Nigel Pearson believes some trust has been lost due to the lack of transparency over the plans to get the Premier League season back underway.
Top flight teams, including Pearson’s Watford, have returned to training this week in small groups ahead of a proposed restart to the campaign next month.
Three people from the Hornets, one player and two staff members, tested positive for coronavirus in the first round of testing.
The bid to try and get football going again has received mixed reactions while Pearson said there was still questions to be answered.
He told talkSPORT: “It’s been really good to see the players and staff and see smiles on faces but of course there is the other element of there will still be some concerns and there is a lot of questions that cannot be answered at the moment.
“I think there is an element of trust that has been lost through lack of transparency. All those things don’t really align with everybody being on the same page.”
Last week, Pearson warned there could be a fatality if the Premier League was rushed back too soon.
He said football should not bow to the pressure being placed on it by the government.
The 56-year-old said: “There certain things we have to be patient with. What I wouldn’t want to see or what I really don’t want to be pushed into is having a situation where we are trying to meet a timetable with politicians rather than what’s right for the sport.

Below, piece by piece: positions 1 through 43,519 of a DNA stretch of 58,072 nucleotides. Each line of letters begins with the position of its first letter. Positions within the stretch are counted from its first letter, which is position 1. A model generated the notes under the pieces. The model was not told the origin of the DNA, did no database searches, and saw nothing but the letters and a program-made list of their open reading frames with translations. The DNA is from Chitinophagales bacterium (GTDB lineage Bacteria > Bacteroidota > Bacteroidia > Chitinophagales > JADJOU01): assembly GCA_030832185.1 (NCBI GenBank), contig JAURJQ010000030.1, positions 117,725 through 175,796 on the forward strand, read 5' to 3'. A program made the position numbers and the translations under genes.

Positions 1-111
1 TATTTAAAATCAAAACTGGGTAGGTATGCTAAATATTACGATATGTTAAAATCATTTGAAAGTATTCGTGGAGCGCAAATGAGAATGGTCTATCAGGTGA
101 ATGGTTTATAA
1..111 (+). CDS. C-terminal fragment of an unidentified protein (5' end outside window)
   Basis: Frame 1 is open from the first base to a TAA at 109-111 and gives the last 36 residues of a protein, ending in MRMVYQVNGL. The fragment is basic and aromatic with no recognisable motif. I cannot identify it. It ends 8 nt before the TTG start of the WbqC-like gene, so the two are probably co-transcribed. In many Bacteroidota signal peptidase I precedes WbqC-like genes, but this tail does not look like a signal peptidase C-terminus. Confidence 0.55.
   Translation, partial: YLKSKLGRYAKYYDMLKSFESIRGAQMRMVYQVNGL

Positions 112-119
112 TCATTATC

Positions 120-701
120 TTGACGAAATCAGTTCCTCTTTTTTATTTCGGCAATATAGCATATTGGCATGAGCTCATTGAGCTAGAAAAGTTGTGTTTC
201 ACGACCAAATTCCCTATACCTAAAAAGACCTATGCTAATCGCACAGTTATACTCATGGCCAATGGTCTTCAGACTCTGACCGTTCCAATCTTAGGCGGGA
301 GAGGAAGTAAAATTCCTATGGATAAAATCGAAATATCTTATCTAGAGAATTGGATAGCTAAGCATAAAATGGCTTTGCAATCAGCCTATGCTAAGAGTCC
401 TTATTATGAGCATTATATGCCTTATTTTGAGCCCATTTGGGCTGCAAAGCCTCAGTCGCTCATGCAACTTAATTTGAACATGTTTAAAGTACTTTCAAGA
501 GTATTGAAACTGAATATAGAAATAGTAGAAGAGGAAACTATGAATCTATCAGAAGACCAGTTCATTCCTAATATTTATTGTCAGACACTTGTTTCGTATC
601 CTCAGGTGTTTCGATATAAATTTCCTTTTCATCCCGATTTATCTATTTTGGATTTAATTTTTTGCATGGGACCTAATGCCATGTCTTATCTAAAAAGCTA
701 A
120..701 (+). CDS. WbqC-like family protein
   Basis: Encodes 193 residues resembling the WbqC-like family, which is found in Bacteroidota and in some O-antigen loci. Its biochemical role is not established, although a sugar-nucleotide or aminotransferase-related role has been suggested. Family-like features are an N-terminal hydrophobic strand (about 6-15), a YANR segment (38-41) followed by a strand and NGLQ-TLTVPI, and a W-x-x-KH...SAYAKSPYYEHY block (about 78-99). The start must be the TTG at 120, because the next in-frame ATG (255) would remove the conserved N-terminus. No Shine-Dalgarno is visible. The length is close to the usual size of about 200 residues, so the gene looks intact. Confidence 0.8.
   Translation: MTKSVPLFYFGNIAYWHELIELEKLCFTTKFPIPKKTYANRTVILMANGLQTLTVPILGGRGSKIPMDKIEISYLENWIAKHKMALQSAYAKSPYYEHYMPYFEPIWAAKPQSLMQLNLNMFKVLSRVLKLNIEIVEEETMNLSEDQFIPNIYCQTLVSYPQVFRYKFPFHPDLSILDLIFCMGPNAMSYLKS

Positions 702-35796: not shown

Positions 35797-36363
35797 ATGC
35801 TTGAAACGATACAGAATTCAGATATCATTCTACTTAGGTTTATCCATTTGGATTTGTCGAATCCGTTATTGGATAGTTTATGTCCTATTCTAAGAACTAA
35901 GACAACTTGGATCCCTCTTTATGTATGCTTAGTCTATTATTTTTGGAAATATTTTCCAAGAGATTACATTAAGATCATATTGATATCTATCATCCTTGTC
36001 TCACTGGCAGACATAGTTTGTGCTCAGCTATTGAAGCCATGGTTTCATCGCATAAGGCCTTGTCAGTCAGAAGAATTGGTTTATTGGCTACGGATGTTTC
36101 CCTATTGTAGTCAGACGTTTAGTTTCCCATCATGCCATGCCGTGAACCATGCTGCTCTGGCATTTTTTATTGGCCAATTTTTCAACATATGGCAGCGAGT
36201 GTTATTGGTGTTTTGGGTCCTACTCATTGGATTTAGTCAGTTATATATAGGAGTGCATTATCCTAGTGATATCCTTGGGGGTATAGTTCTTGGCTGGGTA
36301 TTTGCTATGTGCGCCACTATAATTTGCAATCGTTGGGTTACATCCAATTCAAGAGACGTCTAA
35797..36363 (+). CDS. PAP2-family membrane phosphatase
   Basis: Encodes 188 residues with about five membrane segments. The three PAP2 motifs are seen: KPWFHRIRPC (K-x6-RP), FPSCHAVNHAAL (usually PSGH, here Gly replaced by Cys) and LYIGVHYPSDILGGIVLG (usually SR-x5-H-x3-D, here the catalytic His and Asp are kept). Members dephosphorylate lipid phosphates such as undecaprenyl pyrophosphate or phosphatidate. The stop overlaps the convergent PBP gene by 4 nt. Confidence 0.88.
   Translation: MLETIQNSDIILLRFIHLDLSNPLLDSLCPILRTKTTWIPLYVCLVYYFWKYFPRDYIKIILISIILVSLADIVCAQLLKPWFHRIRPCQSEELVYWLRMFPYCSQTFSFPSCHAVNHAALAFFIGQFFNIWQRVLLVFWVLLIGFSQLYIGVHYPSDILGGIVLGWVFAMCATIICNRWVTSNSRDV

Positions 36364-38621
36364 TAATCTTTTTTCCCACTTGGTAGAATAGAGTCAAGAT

“I’ve said what I think over the last week or so and I certainly stand by that now. Having heard the government talk about it this week it is very clear we are very much on their agenda to ease their pressure somewhat.
“My focus is very much on making sure safety and wellbeing of my players and staff and colleagues and that they are safe.”
Watford captain Troy Deeney was among those who said they would not return to training due to safety fears.
BAME players are said to be more at risk from COVID-19 while Deeney’s young son has breathing difficulties.
Pearson added: “You can’t force people to work. If you didn’t think your workplace was safe you wouldn’t go in, would you?
“It’s not different from anybody else. I don’t see a reason why we have to judge footballers any different from anybody else.
“My children are adults now, but I know people with young children and one of their quandaries are ‘do we take our kids back to school or not?’ If you aren’t sure then your kids won’t go back to school.
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“The question we are trying to answer at the moment, and the argument I’m trying to make a stance on, is very similar to that situation.
“You wouldn’t punish parents for not allowing their children back to school at the moment, would you? You wouldn’t reprimand them because they are trying to keep their kids and family safe.”